Shelly continued to take on similar projects. Someone asked, “Do you want to sell men’s suits?”  Shelly accepted various products and close-outs, not just clothing, and she earned a nice profit.  She even helped her sister sell 300 dresses for a respectable gain when a contractor botched her order and gave her dresses in lieu of onesies.

“I took merchandise on consignment and was always honest.  You have one thing to worry about and that’s your reputation. You leave with that.”

Maintaining a Work-Family Balance

Putting her family first, Shelly only worked when her husband traveled.  One day, Albert arrived home and told Shelly that a friend on the train had mentioned a beautiful dress that he had bought from Shelly.  Shelly’s secret was out!  Her key to success is keeping a proper balance, and she is an expert on maintaining boundaries and keeping her family as her top priority.  She promised Albert that her business would not conflict with their family life.

“I never allowed work to interfere with my family. It wasn’t an option.  If I had to close the store to run to a school event or even for a month, that was fine.  I wasn’t performing brain surgery.  My sales are gifts from Hashem and I show my appreciation by giving a portion to tzedaka.”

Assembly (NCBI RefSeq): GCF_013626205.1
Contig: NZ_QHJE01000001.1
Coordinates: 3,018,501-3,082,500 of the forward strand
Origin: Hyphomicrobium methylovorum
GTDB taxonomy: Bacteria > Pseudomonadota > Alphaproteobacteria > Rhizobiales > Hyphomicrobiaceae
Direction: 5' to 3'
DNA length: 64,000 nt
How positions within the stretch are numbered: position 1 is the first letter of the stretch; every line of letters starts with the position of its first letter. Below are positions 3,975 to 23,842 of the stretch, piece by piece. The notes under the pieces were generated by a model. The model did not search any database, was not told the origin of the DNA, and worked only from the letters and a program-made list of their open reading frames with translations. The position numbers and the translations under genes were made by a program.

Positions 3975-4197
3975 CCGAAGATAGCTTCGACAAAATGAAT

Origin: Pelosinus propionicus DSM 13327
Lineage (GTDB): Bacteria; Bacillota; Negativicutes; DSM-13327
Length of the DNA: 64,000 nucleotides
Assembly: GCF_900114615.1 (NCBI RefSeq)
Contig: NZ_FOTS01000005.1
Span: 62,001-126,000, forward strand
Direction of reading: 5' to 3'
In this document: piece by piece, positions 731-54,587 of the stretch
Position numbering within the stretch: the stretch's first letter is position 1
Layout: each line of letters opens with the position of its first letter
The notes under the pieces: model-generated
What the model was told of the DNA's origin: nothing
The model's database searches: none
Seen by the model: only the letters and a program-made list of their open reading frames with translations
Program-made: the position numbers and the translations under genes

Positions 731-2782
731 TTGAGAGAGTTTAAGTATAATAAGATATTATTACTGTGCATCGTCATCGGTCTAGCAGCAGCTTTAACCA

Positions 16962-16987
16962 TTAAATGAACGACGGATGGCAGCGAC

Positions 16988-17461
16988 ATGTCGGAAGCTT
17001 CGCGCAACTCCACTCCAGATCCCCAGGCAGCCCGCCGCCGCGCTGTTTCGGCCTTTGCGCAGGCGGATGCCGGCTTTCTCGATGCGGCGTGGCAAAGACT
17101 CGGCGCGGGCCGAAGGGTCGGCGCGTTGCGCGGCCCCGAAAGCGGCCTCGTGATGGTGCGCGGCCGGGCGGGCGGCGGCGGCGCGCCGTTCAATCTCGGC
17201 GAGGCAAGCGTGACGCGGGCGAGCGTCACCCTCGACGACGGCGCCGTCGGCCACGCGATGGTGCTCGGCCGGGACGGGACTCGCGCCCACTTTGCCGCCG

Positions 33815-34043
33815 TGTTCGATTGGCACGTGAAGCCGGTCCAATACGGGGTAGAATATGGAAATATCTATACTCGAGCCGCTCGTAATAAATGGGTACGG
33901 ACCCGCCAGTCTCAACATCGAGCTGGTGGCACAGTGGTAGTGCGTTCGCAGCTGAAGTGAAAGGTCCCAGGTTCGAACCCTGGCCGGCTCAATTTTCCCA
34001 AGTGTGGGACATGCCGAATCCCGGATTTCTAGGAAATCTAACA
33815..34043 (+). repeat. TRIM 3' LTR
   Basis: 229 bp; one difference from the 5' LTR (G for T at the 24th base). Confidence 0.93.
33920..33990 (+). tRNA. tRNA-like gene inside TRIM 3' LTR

Contributing to Shelly’s success was her knowledge of how to create a business plan and crunch the numbers.  She mentors aspiring entrepreneurs.  “I am street smart! I can walk into a store, check out the inventory and within five minutes say what they need to do to break even.”

Shelly opened her first women’s closing store, “Shelly Antebi” 20 years ago in Allenhurst, NJ and it was a huge success!  Her specialties include outerwear and outfits for brides (such as clothing for engagement parties and sheva brachot).  Shelly then partnered with Renee Hanan to launch Shelly and Renee Sample Sales Production in Manhattan.  They run 25 sample sales a year, showcasing different top designers.  Six years ago, Shelly followed with a “Shelly Antebi” store on Avenue U in Brooklyn, open September through June.

Shelly’s Brand and Passions

Shelly feels exhilarated when she gets in a nice collection, puts it out, and it sells quickly.  She is passionate about dressing brides and making them feel beautiful. “When a bride walks out of the dressing room and smiles, I want to cry.”

Shelly provides excellent care to her clients.  The customer is always right!  She doesn’t consider it work since she loves business.